Perspectives on External Communications:
The Alban Weekly continues a four-part series on managing your congregational public image. With all that’s going on inside congregations–from printing worship bulletins to creating the newsletter to maintaining a Web site–finding time to communicate effectively with the world outside can be difficult. Yet more and more congregations are feeling pressured to do so. How does one do that well, especially when resources (time, money, staffing, and know-how) are in short supply?
External communications, the buzz word for the effort to interact with people outside the congregation, includes advertising (paid promotion), publicity (information about upcoming events), marketing (establishing or reinforcing organizational identity and defining various constituencies), and public relations (establishing identity as a participant in the community). While these functions overlap, we address them in this series, focusing here on publicity.
The congregation is just one of dozens of organizations competing for space on the civic and cultural landscape. Ironically, there is more to do than ever before, yet people seem to have less and less time to do it! How can you insure that events and offerings attract as many people as possible from within the congregation and beyond?
Good publicity begins with good planning: know your event
Congregations host a variety of events. Some serve the congregation (e.g. worship, meetings, meals, and celebrations); others are intended to bring those from outside into the congregation (e.g. concerts, church fairs, holiday bazaars, lectures, or classes). Taking time to clarify who the intended audience is for an event will help direct its publicity. If the class is a scriptural study primarily intended for the congregation, publicity will be limited to usual in-house vehicles—such as newsletters, flyers, posters, Web site, and announcements. If the event is offered to the community at large, publicity will be more widespread and likely will include free and paid advertising, community bulletin boards, posters, and other public displays.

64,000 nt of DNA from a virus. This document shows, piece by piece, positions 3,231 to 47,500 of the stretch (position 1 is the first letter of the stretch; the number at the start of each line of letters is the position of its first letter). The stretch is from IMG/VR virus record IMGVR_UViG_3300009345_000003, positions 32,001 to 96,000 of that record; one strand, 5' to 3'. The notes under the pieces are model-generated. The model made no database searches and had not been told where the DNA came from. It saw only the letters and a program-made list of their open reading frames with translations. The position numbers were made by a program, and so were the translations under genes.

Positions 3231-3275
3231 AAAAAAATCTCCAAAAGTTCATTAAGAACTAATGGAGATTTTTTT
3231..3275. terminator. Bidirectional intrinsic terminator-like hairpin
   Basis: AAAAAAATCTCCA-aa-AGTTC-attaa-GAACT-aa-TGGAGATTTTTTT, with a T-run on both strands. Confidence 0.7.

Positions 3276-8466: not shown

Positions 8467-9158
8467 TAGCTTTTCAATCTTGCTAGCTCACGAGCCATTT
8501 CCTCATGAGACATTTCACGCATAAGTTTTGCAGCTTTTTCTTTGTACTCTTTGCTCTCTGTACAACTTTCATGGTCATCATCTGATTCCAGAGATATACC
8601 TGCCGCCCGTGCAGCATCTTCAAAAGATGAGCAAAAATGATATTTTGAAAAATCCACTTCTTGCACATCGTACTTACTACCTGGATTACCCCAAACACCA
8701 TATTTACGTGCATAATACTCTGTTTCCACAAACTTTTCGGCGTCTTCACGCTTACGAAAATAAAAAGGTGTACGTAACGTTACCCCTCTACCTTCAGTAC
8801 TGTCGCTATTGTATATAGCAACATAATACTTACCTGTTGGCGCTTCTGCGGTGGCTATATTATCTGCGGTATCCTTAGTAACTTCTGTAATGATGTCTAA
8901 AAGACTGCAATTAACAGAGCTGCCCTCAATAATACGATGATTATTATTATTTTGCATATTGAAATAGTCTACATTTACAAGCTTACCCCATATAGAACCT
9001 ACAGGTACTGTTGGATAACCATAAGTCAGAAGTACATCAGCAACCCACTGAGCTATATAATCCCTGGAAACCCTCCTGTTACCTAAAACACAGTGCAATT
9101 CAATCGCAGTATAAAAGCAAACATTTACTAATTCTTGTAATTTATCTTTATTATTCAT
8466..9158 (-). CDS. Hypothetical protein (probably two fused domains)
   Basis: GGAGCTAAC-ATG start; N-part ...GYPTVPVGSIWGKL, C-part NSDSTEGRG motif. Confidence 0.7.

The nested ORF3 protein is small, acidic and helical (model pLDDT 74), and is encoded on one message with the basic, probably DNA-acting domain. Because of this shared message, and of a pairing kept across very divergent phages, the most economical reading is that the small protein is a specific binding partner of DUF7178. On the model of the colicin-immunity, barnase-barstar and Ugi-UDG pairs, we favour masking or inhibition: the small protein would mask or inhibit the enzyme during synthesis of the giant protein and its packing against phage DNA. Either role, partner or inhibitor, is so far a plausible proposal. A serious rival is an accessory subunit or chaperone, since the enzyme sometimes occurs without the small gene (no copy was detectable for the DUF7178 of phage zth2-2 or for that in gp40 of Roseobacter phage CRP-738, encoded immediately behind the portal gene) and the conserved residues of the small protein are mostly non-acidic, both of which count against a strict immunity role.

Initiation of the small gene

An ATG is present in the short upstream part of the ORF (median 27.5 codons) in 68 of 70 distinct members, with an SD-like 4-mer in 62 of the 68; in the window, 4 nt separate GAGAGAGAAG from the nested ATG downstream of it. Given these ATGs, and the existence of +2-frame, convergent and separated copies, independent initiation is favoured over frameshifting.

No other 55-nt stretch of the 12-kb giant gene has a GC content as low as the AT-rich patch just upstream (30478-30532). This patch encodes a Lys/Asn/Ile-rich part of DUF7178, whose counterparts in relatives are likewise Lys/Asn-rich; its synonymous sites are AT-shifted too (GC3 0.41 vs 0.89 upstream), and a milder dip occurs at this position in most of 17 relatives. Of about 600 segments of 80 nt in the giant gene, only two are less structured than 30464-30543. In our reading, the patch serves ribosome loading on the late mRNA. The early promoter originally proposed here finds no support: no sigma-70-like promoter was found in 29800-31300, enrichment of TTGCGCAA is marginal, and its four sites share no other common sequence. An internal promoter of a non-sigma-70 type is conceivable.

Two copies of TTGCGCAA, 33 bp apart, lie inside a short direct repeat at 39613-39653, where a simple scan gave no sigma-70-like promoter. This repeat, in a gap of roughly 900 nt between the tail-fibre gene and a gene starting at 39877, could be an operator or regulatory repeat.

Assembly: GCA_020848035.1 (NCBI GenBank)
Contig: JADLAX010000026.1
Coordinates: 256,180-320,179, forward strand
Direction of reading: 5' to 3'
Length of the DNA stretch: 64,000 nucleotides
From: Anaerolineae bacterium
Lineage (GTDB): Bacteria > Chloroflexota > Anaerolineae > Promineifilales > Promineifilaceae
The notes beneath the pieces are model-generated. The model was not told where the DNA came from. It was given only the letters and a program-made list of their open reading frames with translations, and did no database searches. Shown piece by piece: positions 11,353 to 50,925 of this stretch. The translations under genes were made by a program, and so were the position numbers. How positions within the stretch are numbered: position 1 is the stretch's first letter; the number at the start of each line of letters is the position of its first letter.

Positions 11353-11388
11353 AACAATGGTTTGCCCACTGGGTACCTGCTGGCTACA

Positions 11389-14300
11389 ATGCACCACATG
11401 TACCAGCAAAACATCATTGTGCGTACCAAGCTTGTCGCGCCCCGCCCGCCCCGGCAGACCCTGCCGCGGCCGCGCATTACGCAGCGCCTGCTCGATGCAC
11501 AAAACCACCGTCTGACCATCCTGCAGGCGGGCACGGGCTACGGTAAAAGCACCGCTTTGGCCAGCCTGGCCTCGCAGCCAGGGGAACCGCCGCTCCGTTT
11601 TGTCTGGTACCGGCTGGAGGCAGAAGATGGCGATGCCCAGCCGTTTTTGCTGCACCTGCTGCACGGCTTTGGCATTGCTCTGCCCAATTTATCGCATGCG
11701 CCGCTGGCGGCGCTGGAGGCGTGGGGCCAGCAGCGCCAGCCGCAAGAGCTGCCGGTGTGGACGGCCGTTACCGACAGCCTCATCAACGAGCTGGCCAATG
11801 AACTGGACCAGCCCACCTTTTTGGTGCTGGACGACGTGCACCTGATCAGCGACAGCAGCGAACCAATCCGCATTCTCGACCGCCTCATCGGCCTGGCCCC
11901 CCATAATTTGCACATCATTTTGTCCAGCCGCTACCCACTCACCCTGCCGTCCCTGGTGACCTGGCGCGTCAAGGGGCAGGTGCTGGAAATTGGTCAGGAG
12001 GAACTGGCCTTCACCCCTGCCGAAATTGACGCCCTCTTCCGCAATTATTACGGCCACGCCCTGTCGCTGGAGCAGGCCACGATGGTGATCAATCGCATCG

When promoting events hosted by the congregation to a wider audience—a concert, for example—it’s important to tacitly allay concerns that the event is “a religious event” If the event does explicitly engage religion, it’s helpful, especially when working with secular media, to provide context that bridges the secular/religious divide. Consider, for example, publicity for a series of lectures where prominent congregation members are talking about how their faith intersects with their professional lives. The media are searching for a “hook” that resonates with their secular audiences. Linking the congregational event to a current event or trends helps provide that hook. A lecture series “How Today’s Executives Are Navigating the Spiritual Landscape” has more mass appeal than “Come Hear Our Prominent Members Talk about Their Faith.”
The benefits of putting pen to paper (or marker to white board)